Alfonso Soriano isn't ideal, but he can hit the baseball a long way.
On May 29, 2010, the San Francisco Giants signed the recently released outfielder Pat Burrell to a minor league contract.
Burrell was let go by the frugal Tampa Bay Rays despite the fact that he was in the final year of a contract that owed him nine million dollars in 2010. The Rays ate the money because they felt Burrell was washed up and couldn't help them even though they were a contending team.
The Giants gave Burrell a shot, and Pat the Bat delivered. He hit .266/.364/.509 with 18 homeruns and 47 walks with the Giants while playing a serviceable left field, despite his reputation for futility on defense. If Sabean hadn't picked up Burrell off the scrap heap, the Giants likely would have fallen short in the National League West, which they won on the final day of the season.
Fast forward to 2012, with the Giants again in desperate need of an offensive upgrade, particularly in the power department. The Giants have hit a league-worst 51 homeruns so far this season, while slugging just .379, 25th worst in the game. While Buster Posey, Pablo Sandoval and Melky Cabrera have some power, none of them are on pace to hit even 20 homeruns this season.
Josh Willingham of the Minnesota Twins would be an ideal fit, but the Twins are not in rebuilding mode. They recently gave veteran Ryan Doumit a two-year contract extension, which is a sign that management will not start selling off parts at the deadline.
Alfonso Soriano is a less ideal fit than Willingham, but he is actually available at a low cost, according Jon Heyman of CBS Sports, and he can help the Giants. Although Soriano will make $18 million in each of the next two seasons, the Cubs appear to be willing to pay most of that salary to open up the roster spot for a young prospect like outfielder Brett Jackson.
If the Cubs are indeed willing to eat most of the money owed to Soriano, and if the cost is just low-level prospects, the Giants should take a chance on him.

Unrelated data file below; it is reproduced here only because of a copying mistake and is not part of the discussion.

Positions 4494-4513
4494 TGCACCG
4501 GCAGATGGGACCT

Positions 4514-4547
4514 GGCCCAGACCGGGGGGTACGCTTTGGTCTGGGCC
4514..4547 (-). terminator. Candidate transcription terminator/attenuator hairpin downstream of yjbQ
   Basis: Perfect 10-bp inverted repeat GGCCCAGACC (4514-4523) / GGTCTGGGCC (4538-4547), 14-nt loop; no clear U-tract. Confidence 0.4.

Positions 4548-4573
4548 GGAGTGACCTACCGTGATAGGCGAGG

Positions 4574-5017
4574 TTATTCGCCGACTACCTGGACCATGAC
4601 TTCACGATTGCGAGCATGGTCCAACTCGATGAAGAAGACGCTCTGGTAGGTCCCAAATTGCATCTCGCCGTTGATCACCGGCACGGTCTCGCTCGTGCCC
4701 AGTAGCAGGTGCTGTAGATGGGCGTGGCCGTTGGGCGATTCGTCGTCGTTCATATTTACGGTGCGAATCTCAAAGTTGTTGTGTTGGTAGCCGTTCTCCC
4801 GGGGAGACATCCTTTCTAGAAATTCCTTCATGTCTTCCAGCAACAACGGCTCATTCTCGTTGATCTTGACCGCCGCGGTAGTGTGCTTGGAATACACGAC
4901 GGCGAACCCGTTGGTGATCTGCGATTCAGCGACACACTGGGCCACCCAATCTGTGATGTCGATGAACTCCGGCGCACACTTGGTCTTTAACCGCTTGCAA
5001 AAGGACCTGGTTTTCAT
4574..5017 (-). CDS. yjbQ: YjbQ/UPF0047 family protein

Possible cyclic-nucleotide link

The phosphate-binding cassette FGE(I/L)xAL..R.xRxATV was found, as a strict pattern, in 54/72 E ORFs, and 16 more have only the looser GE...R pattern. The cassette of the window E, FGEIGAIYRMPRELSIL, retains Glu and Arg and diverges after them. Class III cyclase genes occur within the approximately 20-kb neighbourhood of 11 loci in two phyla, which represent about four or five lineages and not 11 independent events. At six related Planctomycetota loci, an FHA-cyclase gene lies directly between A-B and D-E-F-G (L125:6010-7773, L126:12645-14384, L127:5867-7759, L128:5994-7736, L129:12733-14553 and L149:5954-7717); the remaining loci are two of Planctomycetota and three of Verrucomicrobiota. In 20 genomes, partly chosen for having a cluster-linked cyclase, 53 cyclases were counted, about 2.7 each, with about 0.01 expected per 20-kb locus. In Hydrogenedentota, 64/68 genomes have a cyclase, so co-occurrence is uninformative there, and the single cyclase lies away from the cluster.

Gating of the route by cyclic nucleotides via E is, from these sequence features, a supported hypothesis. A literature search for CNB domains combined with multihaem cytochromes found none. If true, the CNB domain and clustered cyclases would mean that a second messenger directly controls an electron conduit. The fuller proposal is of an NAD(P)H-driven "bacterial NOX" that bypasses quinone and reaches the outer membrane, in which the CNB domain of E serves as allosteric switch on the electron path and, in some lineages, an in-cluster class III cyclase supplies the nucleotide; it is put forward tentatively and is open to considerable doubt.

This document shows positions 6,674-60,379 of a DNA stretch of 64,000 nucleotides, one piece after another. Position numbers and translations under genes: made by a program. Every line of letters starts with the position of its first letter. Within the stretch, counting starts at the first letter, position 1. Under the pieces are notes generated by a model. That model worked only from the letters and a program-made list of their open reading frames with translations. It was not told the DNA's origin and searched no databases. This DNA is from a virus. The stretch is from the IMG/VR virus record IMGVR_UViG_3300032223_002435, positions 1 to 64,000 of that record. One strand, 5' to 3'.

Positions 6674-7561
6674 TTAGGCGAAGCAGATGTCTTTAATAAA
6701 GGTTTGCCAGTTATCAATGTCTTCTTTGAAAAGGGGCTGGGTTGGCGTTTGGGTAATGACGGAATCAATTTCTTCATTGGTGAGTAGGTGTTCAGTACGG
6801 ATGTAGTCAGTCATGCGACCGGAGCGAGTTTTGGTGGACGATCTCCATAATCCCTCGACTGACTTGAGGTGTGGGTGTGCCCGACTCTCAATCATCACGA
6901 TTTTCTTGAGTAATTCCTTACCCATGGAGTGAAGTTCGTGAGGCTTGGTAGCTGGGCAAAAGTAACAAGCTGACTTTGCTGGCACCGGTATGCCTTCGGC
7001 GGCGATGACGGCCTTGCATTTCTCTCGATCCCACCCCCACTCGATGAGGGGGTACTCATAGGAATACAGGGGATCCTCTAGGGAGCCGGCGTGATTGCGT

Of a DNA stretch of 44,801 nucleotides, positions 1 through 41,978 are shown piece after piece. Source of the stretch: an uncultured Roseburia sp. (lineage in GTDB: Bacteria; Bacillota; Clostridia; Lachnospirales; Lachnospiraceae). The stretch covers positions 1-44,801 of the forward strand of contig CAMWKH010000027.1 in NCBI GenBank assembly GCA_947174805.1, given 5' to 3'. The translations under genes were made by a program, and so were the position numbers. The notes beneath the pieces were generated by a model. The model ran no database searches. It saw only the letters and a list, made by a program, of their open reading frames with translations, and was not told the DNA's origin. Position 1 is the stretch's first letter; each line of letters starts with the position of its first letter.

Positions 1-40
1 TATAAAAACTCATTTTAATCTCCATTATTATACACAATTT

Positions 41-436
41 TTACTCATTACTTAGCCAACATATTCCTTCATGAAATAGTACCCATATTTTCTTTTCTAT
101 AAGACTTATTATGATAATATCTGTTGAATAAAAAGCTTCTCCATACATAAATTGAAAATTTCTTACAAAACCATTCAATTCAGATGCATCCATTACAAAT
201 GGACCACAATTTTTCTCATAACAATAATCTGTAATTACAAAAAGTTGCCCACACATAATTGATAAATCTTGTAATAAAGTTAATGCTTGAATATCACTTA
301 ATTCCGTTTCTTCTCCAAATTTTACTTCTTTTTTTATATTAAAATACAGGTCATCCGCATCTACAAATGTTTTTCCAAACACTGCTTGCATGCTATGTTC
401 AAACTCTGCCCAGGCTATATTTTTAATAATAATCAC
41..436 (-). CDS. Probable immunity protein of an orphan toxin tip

At 36 years old, many of his skills have eroded. He doesn't walk much, he strikes out too much, he doesn't hit for average anymore, and he doesn't run the bases well anymore, either.
However, now that his knee injury has improved, he is a serviceable defender in left field. According to FanGraphs, Soriano has been worth 8.6 runs with the glove this year, second best in baseball. Now, single-season defensive metrics can often be unreliable, and Soriano did not look great defensively when the Cubs visited the Giants earlier this season. However, he was playing through the aforementioned knee injury at the time.
Where Soriano really would help the Giants is in the power department. As a right-handed pull hitter, AT&T Park is not going to suppress his power as much as it would if he was a lefty, or an opposite field hitter like Posey. Soriano hit 26 homeruns last season, and he is on pace to hit 28 this season, which would lead the Giants by a wide margin.
Soriano would likely hit sixth in the lineup behind Cabrera, Posey and Sandoval, with Angel Pagan moving back to the lead-off spot, and Gregor Blanco becoming a spot starter and defensive replacement. If the Cubs are willing to practically give Soriano away, he can give the Giants a large boost in 2012.
After getting burned at the 2011 deadline by trading away elite pitching prospect Zack Wheeler for two months of Carlos Beltran, Sabean is not going to want to trade any top prospects like the red-hot outfielder Gary Brown. Instead, a 2010 deadline approach is more likely, with less heralded acquisitions like Burrell, Cody Ross, Jose Guillen, Ramon Ramirez, Javier Lopez and Mike Fontenot paying huge dividends despite costing practically nothing.
Instead of going for pure quality at the deadline, Sabean should again shoot for low-cost quantity to fuel competition within the locker room. Acquiring Soriano on the cheap could light a fire under Pagan, with Blanco chasing his tail on the bench. If Soriano doesn't work out, the Giants can always go back to their present outfield alignment.
The Giants need power badly. There is an outfielder available at a potentially low cost who can drive the ball out of the ballpark better than any current Giant. Why not take a chance?